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New USPS Stamps Feature Prominent Voices of the Harlem Renaissance

posted by Jason Kottke   Jun 04, 2020

Harlem Renaissance Stamps

The USPS recently released a set of four stamps honoring prominent literary figures of the Harlem Renaissance. They are available for purchase on the USPS site.

The Harlem Renaissance of the 1920s was one of the great artistic and literary movements in American history. As African-American writers and artists pushed the boundaries of their identities and their art, they created a diverse body of work that explored their shared history and experience, embodied the spirit of the times, and let new and distinctive voices be heard.

The stamps feature Nella Larsen, Alain Locke, Arturo Alfonso Schomburg, and Anne Spencer. Larsen was the author of two novels: Quicksand and Passing. From Larsen’s “overlooked” obituary in the NY Times:

Larsen followed “Quicksand” the next year with “Passing,” which tells the story of Irene Redfield and Clare Kendry, two mixed-race women who grew up together and reunite at a Chicago hotel after years of separation. Clare, Irene discovers, has been living as a white woman married to a racist who is none the wiser about his wife’s background. The relationship between the two women flirts with the sensual as each becomes obsessed with the other’s chosen path.

Upon reading that, I immediately thought “that would make an amazing movie” — and indeed, Tessa Thompson and Ruth Negga are starring in an upcoming adaptation. You can read more about Larsen in Thadious M. Davis’ biography.

Alain Locke was the first African-American Rhodes Scholar and is acknowledged as the “dean” of the Harlem Renaissance due to the publication of The New Negro, an anthology of writing from authors like Langston Hughes and Zora Neale Hurston that would come to define the Harlem Renaissance. The seminal text on Locke is Jeffrey Stewart’s 2018 National Book Award-winning biography, The New Negro: The Life of Alain Locke.

In The New Negro: The Life of Alain Locke, Jeffrey C. Stewart offers the definitive biography of the father of the Harlem Renaissance, based on the extant primary sources of his life and on interviews with those who knew him personally. He narrates the education of Locke, including his becoming the first African American Rhodes Scholar and earning a PhD in philosophy at Harvard University, and his long career as a professor at Howard University. Locke also received a cosmopolitan, aesthetic education through his travels in continental Europe, where he came to appreciate the beauty of art and experienced a freedom unknown to him in the United States. And yet he became most closely associated with the flowering of Black culture in Jazz Age America and his promotion of the literary and artistic work of African Americans as the quintessential creations of American modernism.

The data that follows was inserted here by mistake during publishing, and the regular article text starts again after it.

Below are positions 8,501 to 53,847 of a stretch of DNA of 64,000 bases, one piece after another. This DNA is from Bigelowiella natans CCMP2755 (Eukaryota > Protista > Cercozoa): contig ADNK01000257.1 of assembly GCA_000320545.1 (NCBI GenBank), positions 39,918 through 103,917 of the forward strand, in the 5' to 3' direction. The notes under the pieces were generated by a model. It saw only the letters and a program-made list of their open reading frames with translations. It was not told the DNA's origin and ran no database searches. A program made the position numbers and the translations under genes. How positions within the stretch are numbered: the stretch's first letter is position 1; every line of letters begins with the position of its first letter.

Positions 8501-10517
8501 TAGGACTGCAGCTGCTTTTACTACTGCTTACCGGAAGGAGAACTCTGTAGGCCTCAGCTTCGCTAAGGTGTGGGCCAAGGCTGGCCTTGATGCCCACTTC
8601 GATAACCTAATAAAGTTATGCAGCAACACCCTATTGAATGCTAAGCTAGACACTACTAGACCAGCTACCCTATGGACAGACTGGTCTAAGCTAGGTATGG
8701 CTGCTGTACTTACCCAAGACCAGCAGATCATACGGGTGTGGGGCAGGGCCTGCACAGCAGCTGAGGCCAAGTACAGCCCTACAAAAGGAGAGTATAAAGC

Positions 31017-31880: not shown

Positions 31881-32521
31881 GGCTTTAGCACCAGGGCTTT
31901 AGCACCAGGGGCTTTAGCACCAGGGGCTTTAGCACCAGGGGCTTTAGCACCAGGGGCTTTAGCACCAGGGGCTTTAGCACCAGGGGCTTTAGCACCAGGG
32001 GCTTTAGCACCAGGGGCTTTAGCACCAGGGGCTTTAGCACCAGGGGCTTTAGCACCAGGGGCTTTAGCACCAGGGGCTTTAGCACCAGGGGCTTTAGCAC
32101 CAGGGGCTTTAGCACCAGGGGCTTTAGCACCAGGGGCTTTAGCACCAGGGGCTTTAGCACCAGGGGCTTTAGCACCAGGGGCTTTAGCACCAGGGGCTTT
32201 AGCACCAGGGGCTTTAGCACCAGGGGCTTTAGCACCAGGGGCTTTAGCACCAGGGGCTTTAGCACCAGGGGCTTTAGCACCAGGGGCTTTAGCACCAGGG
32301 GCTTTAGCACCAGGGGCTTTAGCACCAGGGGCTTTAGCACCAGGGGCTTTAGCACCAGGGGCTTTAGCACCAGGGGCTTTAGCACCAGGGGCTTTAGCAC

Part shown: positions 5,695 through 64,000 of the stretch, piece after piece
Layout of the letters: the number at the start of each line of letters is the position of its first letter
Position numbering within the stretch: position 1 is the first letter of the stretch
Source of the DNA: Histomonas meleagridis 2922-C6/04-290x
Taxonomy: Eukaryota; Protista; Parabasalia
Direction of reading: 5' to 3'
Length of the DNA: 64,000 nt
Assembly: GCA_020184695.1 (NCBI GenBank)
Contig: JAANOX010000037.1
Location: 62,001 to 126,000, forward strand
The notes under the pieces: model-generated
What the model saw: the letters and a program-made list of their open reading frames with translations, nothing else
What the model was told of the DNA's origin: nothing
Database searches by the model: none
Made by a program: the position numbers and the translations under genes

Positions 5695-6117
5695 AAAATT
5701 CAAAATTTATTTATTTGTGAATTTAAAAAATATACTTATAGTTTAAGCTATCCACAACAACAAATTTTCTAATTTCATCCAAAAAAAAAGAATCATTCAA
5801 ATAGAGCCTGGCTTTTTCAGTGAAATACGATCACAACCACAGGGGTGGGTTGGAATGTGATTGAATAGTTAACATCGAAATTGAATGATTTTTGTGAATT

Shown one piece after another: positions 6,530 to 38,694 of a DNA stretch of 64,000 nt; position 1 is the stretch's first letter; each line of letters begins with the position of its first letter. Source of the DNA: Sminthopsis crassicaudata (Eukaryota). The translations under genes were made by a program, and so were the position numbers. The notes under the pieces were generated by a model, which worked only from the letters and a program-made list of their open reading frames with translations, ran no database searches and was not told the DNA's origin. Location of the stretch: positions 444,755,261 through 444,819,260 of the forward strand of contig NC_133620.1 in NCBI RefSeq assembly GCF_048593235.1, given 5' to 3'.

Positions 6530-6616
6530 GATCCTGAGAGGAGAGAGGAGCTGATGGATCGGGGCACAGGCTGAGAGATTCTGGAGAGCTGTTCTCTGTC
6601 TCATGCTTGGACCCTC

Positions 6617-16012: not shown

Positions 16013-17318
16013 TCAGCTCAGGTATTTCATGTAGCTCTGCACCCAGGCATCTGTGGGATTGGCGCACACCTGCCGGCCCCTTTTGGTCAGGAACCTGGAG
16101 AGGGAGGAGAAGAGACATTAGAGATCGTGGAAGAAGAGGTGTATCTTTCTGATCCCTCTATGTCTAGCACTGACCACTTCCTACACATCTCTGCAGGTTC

Also of note: Locke’s father was the first Black civil-service employee of the USPS.

Originally from Puerto Rico, Arturo Alfonso Schomburg was a historian, writer, activist, and curator of Black art and literature. He co-founded the Negro Society for Historical Research and his collection eventually became part of the NYPL system as the Schomburg Center for Research in Black Culture. Schomburg’s 1925 essay The Negro Digs Up His Past was included in Alain Locke’s The New Negro.

Anne Spencer was a poet, activist, and librarian. The Anne Spencer House and Garden Museum has an extensive biography of Spencer.

In addition to her writing, Spencer helped to found the Lynchburg Chapter of the National Association for the Advancement of Colored People (NAACP). She was also the librarian at the all-black Dunbar High School, a position she held for 20 years. Here she supplemented the original three books by bringing others from her own collection at home, as well as those provided by her employer, the all-white Jones Memorial Library. She spent much of her time writing and serving on local committees to improve the legal, social, and economic aspects of African Americans’ lives.

I found several of her poems online (here and here) but a pair of anthologies are long out of print. One of her most influential poems, White Things, was published in 1923. It begins:

Most things are colorful things—the sky, earth, and sea.
      Black men are most men; but the white are free! White things are rare things; so rare, so rare
They stole from out a silvered world—somewhere.

Notable Black American Women called the poem “the quintessential ‘protest’ poem”. (via colossal)